Wednesday, May 21, 2008

Big Oil is Getting Into Ethanol

Freelance writer Andrew Burger has written an excellent article oil giant BP is getting into the ethanol market by purchasing a 50% interest in the Brazilian ethanol company Tropical BioEnergia SA. The article appeared in Renewable Energy World Online

BP plans to make an initial investment of some $100 million reais (US $59.8 million) in return for its 50% equity stake, assuming all required approvals are obtained, and provide additional funding that will bring the total to approximately R $1.66 billion (US $1 billion).

Brazil's President Luiz Inacio Lula da Silva and his administration have been busy countering claims that growing sugar cane to produce ethanol is a big factor in the recent surge in food prices around the world, as well as being a net contributor to greenhouse gas emissions as a result of forest clearing. Addressing the media recently he dismissed such claims as an "absurd distortion."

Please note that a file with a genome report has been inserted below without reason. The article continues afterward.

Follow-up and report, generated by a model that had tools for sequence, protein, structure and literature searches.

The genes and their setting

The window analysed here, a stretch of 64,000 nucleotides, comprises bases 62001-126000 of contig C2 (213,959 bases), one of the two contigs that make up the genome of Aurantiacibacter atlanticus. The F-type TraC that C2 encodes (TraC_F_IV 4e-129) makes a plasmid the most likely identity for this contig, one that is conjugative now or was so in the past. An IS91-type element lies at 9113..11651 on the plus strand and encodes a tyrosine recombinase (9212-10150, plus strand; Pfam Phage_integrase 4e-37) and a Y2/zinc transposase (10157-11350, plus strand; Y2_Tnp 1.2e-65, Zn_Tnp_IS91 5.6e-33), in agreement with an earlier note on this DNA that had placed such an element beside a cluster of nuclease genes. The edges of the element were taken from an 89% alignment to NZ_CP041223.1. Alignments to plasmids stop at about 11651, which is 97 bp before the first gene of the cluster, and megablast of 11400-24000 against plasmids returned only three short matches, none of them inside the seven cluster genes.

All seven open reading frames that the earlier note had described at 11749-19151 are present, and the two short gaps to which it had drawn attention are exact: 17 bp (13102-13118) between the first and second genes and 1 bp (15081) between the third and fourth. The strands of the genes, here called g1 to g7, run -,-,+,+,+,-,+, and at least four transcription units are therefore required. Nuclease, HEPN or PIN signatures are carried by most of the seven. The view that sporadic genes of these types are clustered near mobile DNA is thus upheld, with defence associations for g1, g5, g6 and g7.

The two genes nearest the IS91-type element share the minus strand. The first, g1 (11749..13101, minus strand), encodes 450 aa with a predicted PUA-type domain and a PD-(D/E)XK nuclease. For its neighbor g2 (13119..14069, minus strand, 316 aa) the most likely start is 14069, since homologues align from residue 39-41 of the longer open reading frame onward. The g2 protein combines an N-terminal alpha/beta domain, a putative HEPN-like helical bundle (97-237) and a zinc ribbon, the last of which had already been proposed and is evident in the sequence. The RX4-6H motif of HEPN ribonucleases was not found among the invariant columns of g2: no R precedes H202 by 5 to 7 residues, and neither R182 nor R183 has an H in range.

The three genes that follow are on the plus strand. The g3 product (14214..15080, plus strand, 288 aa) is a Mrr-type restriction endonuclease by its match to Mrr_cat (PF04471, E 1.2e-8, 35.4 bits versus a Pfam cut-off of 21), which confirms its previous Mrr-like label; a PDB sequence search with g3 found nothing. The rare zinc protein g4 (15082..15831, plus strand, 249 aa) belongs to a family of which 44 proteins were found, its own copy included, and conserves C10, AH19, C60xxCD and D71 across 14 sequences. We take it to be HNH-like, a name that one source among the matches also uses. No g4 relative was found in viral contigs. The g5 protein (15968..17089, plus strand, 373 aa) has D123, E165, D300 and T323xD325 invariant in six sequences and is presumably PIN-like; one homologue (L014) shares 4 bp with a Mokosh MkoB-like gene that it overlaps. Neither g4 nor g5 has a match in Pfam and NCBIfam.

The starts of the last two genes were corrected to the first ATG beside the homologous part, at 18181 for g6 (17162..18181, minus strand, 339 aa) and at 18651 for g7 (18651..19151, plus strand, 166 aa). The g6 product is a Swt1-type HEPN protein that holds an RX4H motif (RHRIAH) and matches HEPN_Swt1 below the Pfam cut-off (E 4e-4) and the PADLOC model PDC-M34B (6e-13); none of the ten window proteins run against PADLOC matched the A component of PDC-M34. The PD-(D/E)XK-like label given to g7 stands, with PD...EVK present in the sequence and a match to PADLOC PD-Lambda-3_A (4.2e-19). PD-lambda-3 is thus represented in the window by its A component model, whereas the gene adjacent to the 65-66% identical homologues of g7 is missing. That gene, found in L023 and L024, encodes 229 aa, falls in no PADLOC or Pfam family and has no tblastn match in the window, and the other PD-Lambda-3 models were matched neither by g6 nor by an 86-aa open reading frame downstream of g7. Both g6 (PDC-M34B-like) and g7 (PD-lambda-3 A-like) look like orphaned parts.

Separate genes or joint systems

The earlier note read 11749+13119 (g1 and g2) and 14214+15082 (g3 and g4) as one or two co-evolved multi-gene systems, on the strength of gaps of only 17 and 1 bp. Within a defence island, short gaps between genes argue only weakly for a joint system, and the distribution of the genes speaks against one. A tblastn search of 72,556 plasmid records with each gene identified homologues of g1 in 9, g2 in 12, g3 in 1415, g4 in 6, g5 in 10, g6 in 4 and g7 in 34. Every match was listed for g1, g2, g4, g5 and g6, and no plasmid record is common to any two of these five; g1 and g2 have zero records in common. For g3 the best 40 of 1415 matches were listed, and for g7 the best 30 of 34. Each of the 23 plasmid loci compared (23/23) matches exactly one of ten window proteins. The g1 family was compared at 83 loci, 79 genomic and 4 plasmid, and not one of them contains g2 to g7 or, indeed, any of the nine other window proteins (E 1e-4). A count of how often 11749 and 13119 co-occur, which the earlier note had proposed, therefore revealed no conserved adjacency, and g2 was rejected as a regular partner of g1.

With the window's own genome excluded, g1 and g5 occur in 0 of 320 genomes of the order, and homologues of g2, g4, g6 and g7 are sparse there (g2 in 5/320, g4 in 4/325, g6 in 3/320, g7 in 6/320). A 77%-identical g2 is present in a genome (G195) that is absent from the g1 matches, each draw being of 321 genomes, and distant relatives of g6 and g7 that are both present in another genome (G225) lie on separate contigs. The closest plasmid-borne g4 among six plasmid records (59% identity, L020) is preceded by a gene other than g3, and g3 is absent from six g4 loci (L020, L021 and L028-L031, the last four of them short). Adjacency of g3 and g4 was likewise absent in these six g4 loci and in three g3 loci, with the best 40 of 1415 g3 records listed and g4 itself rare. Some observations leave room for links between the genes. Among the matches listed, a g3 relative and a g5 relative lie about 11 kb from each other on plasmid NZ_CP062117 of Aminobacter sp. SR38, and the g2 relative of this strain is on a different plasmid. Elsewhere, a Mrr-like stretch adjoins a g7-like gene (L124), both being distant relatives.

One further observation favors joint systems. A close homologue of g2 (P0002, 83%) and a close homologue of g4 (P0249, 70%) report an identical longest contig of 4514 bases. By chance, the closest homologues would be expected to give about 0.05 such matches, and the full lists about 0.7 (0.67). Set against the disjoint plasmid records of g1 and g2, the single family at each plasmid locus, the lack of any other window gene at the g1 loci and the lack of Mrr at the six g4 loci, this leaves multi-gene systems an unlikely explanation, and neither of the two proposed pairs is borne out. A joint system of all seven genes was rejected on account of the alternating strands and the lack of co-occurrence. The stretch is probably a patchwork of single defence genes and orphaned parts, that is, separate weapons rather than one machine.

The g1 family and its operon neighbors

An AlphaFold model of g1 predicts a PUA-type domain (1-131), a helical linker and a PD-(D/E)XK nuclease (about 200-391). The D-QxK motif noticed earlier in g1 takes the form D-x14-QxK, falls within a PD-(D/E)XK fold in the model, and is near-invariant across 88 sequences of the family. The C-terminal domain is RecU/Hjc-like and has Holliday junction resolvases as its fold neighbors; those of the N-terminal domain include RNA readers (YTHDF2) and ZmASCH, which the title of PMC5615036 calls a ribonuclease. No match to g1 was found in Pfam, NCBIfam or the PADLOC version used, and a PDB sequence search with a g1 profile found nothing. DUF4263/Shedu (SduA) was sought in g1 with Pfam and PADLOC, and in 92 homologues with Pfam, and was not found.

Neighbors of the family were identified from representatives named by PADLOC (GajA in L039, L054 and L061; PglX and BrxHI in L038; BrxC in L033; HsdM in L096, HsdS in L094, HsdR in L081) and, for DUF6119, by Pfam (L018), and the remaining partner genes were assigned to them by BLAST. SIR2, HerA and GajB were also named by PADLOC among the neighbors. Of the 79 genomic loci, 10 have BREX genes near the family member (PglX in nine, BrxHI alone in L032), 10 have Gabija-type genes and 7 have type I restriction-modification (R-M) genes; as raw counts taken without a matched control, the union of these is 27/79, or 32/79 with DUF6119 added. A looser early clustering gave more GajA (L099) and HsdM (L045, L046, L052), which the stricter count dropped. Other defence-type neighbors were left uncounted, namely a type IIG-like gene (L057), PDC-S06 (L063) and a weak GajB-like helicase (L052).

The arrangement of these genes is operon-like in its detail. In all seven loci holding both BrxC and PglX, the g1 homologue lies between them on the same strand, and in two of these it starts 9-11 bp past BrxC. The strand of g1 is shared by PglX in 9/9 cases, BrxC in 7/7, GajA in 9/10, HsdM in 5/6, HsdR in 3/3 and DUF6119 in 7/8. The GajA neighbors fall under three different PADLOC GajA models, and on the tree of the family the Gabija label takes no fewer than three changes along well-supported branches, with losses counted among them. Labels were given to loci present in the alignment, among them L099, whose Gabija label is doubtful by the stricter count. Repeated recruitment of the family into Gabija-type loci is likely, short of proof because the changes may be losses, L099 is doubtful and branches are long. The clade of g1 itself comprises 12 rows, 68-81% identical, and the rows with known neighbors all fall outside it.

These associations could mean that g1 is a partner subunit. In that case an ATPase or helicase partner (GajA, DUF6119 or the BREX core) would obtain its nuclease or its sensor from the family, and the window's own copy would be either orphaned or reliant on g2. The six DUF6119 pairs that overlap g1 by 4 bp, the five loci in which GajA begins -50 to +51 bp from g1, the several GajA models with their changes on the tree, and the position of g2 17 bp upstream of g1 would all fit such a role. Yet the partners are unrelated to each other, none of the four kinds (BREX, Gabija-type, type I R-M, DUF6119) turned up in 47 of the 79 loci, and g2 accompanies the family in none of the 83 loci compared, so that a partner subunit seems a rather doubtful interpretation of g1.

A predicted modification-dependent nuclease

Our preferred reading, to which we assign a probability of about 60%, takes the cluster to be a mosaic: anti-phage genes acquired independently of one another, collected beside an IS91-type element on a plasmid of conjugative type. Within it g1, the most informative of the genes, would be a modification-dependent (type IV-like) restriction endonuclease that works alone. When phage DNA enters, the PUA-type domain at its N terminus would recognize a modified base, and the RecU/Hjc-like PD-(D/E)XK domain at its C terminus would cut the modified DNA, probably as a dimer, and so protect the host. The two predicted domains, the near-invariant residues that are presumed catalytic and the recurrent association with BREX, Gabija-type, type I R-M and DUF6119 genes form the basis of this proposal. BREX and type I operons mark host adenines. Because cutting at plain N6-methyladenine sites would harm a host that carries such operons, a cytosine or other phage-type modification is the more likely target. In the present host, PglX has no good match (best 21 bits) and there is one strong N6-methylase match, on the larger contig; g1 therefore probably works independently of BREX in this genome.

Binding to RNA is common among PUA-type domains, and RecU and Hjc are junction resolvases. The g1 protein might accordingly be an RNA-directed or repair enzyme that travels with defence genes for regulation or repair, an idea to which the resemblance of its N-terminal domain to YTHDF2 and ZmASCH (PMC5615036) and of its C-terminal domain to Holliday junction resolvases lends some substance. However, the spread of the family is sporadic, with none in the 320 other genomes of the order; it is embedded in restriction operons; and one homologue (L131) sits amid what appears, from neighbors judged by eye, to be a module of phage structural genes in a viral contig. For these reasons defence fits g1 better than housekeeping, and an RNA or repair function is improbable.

But some question BP's commitment to alternative forms of energy:

Greenpeace equated the BP-Husky joint venture to a crime against the environment and pledged to take action against it. Mike Hudema, a climate campaigner with Greenpeace in Edmonton said that, "not only will these developments produce 100 million tons of greenhouse gases annually by 2012 but [they will] also kill off 147,000 sq km [56,000 sq miles] of forest that is the greatest carbon sink in the world."

BP disputes these claims. According to company statistics, BP's biofuels sales accounted for some 10% of the global market in 2007, a year in which it blended and distributed 763 million US gallons of ethanol and about 1 million US gallons of biodiesel. In Europe, the multinational energy major sold 344 million liters of ethanol and 847 million liters of biodiesel in 2007.


But we are only at the beginning of the biofuels movement:

Can ethanol be an environmentally, as well as economically, feasible source of fuel? "Yes, if done correctly, but remember we are at the very beginning of the biofuels/biorefinery revolution," Prof. Blaschek maintains...

"Think of it in terms of the petroleum refinery of 100 years ago. It was pretty basic with only limited products being made. Today thousands of products are made at a petroleum refinery. Lots of efficiencies and new processing technologies need to be brought to bear to the biorefinery of the future in order to make this all truly sustainable."

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